Search Someone Else's Database
Ever been into a page and the author invites you to search
Yahoo or Webcrawler right from his or her own page? You think this person must be pretty high
up the ladder to be able to pull off this kind of deal. Not really -- anyone can do it. Here's an
Search Excite Here:
Search Webcrawler Here:
Search Yahoo Here:
Go ahead, enter a word -- nothing dirty, mind you! The
results of your search will be returned straightaway.
...waiting ...waiting ...waiting
Ah, good. You're back. Neat, huh? Actually, I lied above (and
I may lie down below). The BHS site didn't perform any of the searches. They were done by
Yahoo, Webcrawler, or Excite, depending on which one you chose. I just initiated the search.
When you got your results, did you notice that you were no longer in Kansas, or Texas for that
matter, any more? You were at the site of the search engine you chose.
How I Did It
Let's look at the code used to create the Yahoo search
<input size=30 name=p>
<input type=submit value="Search">
Notice it's a simple set of form commands, set up much like
you would to create a link button or a simple mailto: guestbook. However, in this case you are using the form to send the
information contained within the text box to a search engine. That's what you call the actual
program that searches the Yahoo database, a "search engine." In the example up above, you are
sending the info to Yahoo's CGI bin to be worked on by something called "search."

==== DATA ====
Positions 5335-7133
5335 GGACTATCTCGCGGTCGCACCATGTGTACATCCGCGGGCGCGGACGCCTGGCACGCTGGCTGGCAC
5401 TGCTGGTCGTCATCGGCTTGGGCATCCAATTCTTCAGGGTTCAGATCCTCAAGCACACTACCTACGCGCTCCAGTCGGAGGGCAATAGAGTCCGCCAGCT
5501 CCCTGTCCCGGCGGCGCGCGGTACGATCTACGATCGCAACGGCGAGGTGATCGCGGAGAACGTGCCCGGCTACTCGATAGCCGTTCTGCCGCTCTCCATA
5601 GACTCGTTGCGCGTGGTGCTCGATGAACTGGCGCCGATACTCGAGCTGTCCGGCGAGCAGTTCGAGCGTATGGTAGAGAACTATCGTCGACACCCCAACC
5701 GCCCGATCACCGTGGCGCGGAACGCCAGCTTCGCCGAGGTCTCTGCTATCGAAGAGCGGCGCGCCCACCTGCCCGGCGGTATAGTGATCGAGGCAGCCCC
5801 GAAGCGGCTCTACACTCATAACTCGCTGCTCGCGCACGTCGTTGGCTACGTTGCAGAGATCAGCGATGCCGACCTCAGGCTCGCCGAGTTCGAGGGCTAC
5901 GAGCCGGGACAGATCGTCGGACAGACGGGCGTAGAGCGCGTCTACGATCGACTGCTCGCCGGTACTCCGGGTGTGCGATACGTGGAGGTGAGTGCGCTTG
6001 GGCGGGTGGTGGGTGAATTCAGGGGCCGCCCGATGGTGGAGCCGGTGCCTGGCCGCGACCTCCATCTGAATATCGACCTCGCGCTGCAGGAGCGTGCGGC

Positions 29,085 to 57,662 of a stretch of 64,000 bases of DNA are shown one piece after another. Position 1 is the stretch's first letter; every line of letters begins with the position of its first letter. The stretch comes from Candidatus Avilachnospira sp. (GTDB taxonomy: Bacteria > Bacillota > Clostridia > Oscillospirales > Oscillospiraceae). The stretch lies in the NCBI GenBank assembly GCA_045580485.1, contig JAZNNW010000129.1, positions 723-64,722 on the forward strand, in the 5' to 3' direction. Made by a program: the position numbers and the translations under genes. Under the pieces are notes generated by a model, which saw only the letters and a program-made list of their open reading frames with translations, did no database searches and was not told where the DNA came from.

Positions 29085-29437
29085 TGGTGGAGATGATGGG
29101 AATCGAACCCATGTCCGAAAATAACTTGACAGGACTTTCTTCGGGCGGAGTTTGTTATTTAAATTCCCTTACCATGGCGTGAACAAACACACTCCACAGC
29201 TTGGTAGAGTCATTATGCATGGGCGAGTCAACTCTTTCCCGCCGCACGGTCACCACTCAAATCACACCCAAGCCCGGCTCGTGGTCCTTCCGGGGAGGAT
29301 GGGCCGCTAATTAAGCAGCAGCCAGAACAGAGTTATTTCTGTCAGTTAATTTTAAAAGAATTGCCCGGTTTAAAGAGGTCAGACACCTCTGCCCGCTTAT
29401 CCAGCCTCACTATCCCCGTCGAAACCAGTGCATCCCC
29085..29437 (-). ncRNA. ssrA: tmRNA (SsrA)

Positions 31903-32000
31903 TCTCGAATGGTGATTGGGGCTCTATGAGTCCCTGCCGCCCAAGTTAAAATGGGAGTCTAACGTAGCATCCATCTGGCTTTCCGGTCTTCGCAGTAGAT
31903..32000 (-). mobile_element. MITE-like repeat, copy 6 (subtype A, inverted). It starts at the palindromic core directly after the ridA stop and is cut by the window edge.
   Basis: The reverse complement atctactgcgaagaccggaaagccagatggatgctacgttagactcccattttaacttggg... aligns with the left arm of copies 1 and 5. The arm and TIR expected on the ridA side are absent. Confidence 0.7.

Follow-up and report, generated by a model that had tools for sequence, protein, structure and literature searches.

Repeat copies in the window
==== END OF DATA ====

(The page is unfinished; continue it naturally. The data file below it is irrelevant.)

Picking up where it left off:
Here are the Webcrawler and Excite lines from
<FORM NAME="wcsearchform" ACTION="http://webcrawler.com/cgi-bin/WebQuery"
<FORM NAME="search" ACTION="http://www.excite.com/search.gw"
Notice they also sent the output of the text box to a search
engine. One goes to something called "WebQuery" and the other goes to "search.gw." Once the
data is sent to the search engine, then the site's database is searched and you get your
But note again that you do not use this site to search -- you
only send the information from this site. Once that's done, BHS is totally out of the picture and
you're at the search engine's site.
Once more thing... Notice the "METHOD" in the two
above, and the name="p" in the Yahoo search above? Those are little items that each search
engine uses to denote how to manipulate the data it receives and what to name the output sent
through the text box. Each search engine will work differently and you must make sure you use
the search engine's format, exactly, on your page.
Where Do I Get The Format
Right from the search engine itself. It's not that tough. Go to
the search engine site and look at the source code. It's written right there. Just grab the part that
starts the form through the /form. Now, you may need to knock out some stuff in the middle, like
extra text or table commands, but it's all right there. Then put it on your page.
One thing though, you may notice when you get the code that
the ACTION section does not include the entire address to the search engine. That's because it
didn't need it when it was on their site. Now it's on your site and it needs it. Add the full address
before the search stuff. Without it, the data looks for something on your site that will do the
search. No dice... errors all over the place.
How Many Search Engines Are There
Tons. Now wait... yes. Tons. Here are few of the biggies:
[The Web Magazine]
[Yellow Pages Online]
Here are some pages with multiple search engines....
Webster's Big Page of Search Engines]